It would be interesting to know for sure that it was Rubinstein's choice to lead off his group of Lyric Pieces with this actively flowing lullaby, because this is probably his gentlest, softest-grained playing here. And still his performance is more streamlined than the others' -- his cradle rocks a good deal more steadily'. Gilels's pace is positively languorous, which I guess is appropriate for a cradle song, but will it hold baby's attention? Andsnes seems determined not to make any unexpected noises that might awaken baby.

"Spring Dance," Book IV (Op. 47), No. 6

Arthur Rubinstein, piano. RCA/BMG, recorded 1953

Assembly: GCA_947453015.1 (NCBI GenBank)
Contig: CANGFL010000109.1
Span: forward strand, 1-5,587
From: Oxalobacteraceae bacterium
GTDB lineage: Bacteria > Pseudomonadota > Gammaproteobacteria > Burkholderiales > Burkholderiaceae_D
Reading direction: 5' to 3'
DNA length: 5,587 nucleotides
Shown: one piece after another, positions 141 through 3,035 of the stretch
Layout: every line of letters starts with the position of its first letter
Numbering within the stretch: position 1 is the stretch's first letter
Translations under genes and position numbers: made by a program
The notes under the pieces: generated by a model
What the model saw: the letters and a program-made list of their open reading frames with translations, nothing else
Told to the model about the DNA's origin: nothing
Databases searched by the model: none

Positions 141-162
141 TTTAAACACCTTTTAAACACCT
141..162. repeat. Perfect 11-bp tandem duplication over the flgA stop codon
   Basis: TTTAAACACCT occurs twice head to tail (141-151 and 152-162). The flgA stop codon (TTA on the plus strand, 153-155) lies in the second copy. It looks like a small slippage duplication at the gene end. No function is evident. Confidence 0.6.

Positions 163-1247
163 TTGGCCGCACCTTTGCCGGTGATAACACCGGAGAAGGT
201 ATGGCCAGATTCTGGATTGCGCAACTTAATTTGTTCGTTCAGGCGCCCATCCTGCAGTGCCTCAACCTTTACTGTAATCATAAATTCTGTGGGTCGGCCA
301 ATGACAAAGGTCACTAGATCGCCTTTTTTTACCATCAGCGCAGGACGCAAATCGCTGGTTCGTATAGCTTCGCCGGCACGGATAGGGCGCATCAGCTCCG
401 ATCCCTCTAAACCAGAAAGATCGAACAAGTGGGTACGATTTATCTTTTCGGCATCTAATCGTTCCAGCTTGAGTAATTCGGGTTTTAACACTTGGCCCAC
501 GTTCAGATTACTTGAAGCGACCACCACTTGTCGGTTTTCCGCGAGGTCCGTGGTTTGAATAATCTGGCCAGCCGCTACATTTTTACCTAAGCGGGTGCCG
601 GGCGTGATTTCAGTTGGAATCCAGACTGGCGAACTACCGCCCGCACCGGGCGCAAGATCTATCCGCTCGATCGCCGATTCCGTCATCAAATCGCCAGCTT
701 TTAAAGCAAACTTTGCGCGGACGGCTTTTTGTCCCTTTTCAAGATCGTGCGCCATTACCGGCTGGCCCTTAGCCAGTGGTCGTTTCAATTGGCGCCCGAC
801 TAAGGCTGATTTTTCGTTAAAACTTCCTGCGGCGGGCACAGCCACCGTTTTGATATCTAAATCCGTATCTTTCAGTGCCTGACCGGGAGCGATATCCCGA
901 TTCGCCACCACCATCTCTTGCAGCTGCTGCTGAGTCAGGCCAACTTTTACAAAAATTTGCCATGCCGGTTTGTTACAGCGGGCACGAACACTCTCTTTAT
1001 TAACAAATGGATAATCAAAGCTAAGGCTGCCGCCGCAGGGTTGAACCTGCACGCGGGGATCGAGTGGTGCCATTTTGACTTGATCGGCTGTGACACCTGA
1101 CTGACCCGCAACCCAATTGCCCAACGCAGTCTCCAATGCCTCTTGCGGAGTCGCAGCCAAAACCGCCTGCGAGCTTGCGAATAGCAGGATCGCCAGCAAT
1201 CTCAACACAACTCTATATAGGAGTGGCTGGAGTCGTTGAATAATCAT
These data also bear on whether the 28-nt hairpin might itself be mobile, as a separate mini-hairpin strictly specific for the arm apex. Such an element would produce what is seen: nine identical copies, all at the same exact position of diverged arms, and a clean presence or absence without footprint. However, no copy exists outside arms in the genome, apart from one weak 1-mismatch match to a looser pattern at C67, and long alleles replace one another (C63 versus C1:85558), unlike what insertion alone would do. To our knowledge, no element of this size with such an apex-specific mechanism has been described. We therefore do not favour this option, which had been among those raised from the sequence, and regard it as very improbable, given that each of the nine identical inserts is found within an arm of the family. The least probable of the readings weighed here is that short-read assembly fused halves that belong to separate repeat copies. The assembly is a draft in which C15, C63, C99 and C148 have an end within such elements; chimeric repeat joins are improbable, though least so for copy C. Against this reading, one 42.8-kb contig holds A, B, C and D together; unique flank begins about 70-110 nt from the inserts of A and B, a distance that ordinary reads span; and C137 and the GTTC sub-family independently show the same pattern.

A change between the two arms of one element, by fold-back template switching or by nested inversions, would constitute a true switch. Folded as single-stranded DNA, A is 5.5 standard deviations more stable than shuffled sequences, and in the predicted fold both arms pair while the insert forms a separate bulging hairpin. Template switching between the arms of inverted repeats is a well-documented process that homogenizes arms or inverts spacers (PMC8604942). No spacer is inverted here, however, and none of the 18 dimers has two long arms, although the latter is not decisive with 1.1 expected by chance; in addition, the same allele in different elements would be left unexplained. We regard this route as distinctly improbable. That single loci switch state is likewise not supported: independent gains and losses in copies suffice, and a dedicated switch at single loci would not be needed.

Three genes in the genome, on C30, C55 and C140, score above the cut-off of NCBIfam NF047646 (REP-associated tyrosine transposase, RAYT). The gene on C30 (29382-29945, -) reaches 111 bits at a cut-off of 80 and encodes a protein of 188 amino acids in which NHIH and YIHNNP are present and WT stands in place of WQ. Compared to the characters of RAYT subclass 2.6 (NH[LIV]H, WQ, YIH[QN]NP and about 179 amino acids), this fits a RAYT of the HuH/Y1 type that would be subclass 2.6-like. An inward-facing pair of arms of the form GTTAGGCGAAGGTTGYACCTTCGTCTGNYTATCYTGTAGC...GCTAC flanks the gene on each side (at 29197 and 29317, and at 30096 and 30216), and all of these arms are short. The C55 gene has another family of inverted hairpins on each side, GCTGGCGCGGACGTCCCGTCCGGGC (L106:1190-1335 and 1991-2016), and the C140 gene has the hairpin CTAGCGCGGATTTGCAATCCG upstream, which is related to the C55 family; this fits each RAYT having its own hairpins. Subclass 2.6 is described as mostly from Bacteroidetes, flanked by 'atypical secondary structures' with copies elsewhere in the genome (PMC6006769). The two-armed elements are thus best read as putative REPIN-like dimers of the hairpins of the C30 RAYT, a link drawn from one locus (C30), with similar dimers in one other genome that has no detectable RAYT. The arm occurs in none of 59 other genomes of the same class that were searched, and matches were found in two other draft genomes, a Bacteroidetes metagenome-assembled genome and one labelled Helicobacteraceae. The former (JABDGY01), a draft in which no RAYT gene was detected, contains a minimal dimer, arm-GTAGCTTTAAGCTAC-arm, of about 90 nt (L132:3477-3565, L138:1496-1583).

Peter Katin, piano. Unicorn-Kanchana, recorded Dec. 27-31, 1989

Einar Steen-Nokleberg, piano. Naxos, recorded December 1993

It's interesting to note how many of these simple folksongs and dances Rubinstein pulled out of the set, music that a lot of big-name pianists seem to consider unworthy of their attention. But listen to the way he animates the rhythm of this "Spring Dance"! It's kind of unfair to set Katin's and Steen-Nokleberg's performances against this standard, because they both play the little piece with winning boldness and grace.

"Cradle Song," Book II (Op. 38), No. 1

Arthur Rubinstein, piano. RCA/BMG, recorded 1953

Peter Katin, piano. Unicorn-Kanchana, recorded Dec. 27-31, 1989

Emil Gilels, piano. DG, recorded June 1974

Mikhail Pletnev, piano. DG, recorded November 1999